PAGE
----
Cryptographic Randomness

[8 May 2001]

Cryptographic operations call for randomness, not only for the generation of keys, but also for some protocols.  In each case, the true goal is to have a value that the adversary cannot predict.  If we can get a value that no one (even the proper user) can predict, then we have met that goal.  A truly random value is one no one can predict and would therefore meet our needs in all cases.  Unfortunately, getting true randomness can be extremely difficult.

Many sources offer randomness but in English one tends to use the word ``random'' in a variety of ways.  Technically, these have radically different meanings.  For example, one might define five classes of randomness (being only a little cynical):

  1. Quantum randomness - to the best of our knowledge, this is true randomness.  As far as we know, quantum events are driven by some truly random process.  This could, of course, amount to some lesser form of randomness (one of the next categories), but at the moment we believe these events are truly random.
  2. Secret entropy - this is entropy that is not random but that is hopefully impossible for an enemy to capture and predict.  Such entropy might be elements of the path of a user's mouse when the user is requested to move it around ``randomly''.  It might also include audio samples taken in a room where the enemy has no chance to plant a microphone or to turn some existing device into a microphone.  The LINUX /dev/random driver samples various operating system device states that have been determined (or assumed) difficult for an enemy to sample and uses those states as secret entropy.
  3. Obscure complexity - this is entropy that appears random to a designer, not because it really is quantum randomness or secret entropy but rather because the designer doesn't understand the process that generates it.  Such might include operating system states that appear to be changing arbitrarily only because the designer doesn't know how the operating system works.  To one who does understand the process producing these values, they might not be obscure at all.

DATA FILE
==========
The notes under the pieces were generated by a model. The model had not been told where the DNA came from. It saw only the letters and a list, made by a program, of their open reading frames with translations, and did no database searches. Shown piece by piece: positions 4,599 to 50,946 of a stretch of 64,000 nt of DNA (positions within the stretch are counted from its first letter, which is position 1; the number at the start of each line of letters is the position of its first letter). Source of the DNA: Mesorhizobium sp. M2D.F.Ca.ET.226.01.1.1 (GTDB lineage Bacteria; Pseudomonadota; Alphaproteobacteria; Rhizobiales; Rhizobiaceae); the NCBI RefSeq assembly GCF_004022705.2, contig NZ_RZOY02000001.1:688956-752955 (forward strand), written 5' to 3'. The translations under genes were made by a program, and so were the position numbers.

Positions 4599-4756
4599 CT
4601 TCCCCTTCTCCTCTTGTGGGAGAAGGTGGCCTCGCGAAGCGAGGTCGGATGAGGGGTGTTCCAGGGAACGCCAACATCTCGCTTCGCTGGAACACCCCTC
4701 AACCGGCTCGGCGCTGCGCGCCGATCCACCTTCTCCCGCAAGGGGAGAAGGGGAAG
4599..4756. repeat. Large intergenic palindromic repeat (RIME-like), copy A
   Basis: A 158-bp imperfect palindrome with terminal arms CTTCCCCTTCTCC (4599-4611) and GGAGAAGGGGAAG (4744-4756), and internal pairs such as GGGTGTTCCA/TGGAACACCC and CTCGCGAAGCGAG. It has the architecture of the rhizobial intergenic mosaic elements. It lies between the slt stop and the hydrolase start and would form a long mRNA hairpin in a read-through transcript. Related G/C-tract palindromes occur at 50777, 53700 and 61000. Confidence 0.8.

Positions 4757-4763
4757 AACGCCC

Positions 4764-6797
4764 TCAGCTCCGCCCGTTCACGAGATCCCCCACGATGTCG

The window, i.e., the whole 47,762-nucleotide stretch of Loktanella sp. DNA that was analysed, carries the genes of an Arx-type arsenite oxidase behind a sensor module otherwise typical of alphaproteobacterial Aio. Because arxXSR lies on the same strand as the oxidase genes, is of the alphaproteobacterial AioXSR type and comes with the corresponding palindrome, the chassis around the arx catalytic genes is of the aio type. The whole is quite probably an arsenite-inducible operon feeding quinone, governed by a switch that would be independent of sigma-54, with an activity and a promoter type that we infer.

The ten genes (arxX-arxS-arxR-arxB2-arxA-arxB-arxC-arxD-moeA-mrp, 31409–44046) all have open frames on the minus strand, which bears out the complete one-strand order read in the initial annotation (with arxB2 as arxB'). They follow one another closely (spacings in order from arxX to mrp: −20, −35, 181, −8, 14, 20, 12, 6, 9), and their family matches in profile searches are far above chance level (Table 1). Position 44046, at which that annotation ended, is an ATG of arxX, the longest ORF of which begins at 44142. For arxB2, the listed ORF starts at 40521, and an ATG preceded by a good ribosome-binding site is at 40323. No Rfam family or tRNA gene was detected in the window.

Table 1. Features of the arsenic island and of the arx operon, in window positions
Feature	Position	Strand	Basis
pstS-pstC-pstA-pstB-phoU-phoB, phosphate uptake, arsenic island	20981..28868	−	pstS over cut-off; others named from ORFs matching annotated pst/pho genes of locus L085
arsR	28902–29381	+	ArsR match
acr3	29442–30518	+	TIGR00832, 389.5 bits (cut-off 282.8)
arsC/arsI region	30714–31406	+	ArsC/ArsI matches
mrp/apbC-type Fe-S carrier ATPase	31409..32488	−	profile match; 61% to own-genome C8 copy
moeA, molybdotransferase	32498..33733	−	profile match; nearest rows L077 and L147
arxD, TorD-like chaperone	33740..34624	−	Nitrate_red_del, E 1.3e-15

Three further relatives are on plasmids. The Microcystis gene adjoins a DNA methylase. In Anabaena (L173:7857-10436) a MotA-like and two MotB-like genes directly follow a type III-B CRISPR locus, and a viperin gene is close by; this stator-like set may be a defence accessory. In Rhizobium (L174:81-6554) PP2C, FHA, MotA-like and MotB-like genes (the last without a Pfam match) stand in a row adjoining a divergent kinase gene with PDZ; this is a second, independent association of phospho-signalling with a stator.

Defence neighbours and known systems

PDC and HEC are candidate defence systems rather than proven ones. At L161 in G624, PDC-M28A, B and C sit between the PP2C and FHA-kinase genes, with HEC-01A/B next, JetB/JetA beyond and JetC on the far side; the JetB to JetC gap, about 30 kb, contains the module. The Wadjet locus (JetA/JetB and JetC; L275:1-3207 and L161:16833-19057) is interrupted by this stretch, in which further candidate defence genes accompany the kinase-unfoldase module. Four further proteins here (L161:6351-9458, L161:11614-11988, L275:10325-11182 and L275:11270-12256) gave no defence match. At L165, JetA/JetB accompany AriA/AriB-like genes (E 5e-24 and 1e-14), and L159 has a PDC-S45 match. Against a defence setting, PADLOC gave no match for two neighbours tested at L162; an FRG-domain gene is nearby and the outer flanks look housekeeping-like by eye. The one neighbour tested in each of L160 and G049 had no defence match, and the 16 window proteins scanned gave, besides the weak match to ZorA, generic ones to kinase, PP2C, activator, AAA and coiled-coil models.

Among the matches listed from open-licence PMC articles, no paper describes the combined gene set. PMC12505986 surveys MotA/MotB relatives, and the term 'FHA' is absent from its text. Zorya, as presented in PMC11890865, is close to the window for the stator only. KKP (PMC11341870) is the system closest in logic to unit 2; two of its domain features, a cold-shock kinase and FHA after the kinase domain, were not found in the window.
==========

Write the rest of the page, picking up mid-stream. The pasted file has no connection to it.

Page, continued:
4. random() function - this represents a source of algorithmically generated values that are declared random by a battery of statistical tests.  This is usually provided as a library call in some programming language and is advertized as a source of random numbers.  These values are suitable for things like Monte Carlo simulations but have no cryptographic value.  A random() function can be thought of as a PRBG of no cryptographic value, usually using a very small seed (16 or 32 bits, in many cases).
  5. Gee-wow complexity - this is complexity that looks random to a naive user.  The most obvious example in this category is a chaos equation producing images of astounding complexity.  Some have viewed those images, reacted with the thought that the image is surely random, and then proposed that the equations generating those images must be a source of randomness.  Chaos equations are examples of particularly insecure and rapidly searched PRBGs that were not even designed to be statistically random.
There are a variety of hardware devices one can purchase (either separately or as part of a cryptographic processor) that tap quantum randomness.  Such sources should probably still be conditioned. There are many examples of techniques for gathering secret entropy.  To name a few: Items 3 and above in the list of ``randomness'' types are not worth citing, except to warn people against.


Pseudo-randomness is algorithmically produced and is therefore subject to von Neumann's famous quote (cited by Knuth in his volume 2: Semi-numerical Algorithms)

``Any one who considers arithmetical methods of producing random digits is, of course, in a state of sin.''

A good PRBG (pseudo-random bit generator) does not create any randomness.  Rather, it generates a stream of bits that a computationally limited adversary can not distinguish from truly random bits.  However, the PRBG needs to be initialized with some seed value or key and that value needs to be truly random or at least secret from the adversary.  Any adversary can be assumed to know all PRBG algorithms and to try them with any known initial values.  If the adversary can find a way to know (or search for) the PRNG seed, then he or she can trivially predict the future output of the PRNG.  Similarly, if a PRBG key is reused, the adversary can be expected to discover the repetition of ``random'' values and therefore detect non-randomness and predict future values.

A PRBG is not without value.  If one can get a long enough seed that the adversary cannot search the seed space and that seed is at least secret entropy, one should be able to use a cryptographically strong PRBG's output as if it were truly random.  The problem here is that even that PRBG hasn't solved the original problem, which was to find a source of secret entropy.  What it can often do is provide a string of usable bits at a rate higher than the available source of secret entropy can supply.

Carl M. Ellison;